Pandas prepare for return to Britain after 16 years

Edinburgh Zoo hopes to be first to host the animals in this country since 1994 as Prime Minister backs deal

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Not content with saving the world's banking system, Gordon Brown yesterday turned his attention to giant pandas.

He gave his backing to attempts by Edinburgh Zoo to bring two of the endangered animals from China to a new Scottish home. If the zoo's project is successful, they will be the first pandas in Britain since 1994.

In a letter to the Royal Zoological Society of Scotland, which hopes to get the pandas on loan from China in 2010, the Prime Minister said the Government "strongly supports" international co-operation to promote the conservation of wildlife.

The society announced its proposal to include a pair of breeding pandas in its animal collection at Edinburgh Zoo in May. It has been proposed they would be on loan for 10 years, in which time, it is hoped, they will have cubs.

Zoo representatives have visited China to establish a closer relationship with its officials in the field of conservation and research. A "letter of intent" has been signed by both parties, signifying a commitment to bring pandas to the Scottish capital.

If successful, Edinburgh would be only the eighth zoo in the West to care for a species which has become a symbol of endangered wildlife. However, negotiations with the Chinese are sensitive. In the past, pandas were given or loaned to Western zoos, including London, with the aim of opening up relations between China and the West, in so-called "panda diplomacy".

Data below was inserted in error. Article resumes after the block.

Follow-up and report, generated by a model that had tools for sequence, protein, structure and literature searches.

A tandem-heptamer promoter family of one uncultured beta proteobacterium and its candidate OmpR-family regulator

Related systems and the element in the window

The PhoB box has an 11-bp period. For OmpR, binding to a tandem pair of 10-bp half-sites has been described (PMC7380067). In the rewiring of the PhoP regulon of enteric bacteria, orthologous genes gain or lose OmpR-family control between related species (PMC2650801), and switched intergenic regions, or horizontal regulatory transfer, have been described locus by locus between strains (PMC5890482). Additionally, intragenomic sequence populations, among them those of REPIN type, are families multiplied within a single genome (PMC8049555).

In Mr Brown's letter to David Windmill, the chief executive of the society, he said: "The Government strongly supports international co-operation to promote the conservation of the world's wildlife. We therefore welcome the progress which the Royal Zoological Society of Scotland has made in its discussions with the Chinese authorities and wish you continuing success in bringing these discussions to a satisfactory conclusion."

Mr Windmill said yesterday: "The process of bringing giant pandas to Scotland is a long and detailed one that requires political co-operation at the highest level, so having the support of our Prime Minister is essential."

Giant pandas come from the mountain ranges of central China, in the provinces of Sichuan, Shaanxi and Gansu. The population in the wild is said to be about 1,500, although experts are not sure how badly they were affected after an earthquake hit the region in May. Any pandas destined for Edinburgh would be from the Wolong breeding centre, in Sichuan province, which was near the epicentre of the earthquake.

London Zoo has kept several pandas from 1938 onwards. Some of the animals became famous as a result of exposure on television – the first was Chi-Chi, who was acquired in 1958 for the then enormous sum of £12,000. Attempts to mate her with the only other giant panda outside China, An-An from Moscow Zoo, attracted international interest and ensured her fame.

In 1974, "Ted Heath's Pandas" – Chia-Chia (a male) and Ching-Ching (a female) – were presented to the British people by the Chinese government on the occasion of the then prime minister Edward Heath's visit to China. London Zoo kept two more animals, Bao Bao and Ming Ming, in the early 1990s but there have been no giant pandas in British zoos since.

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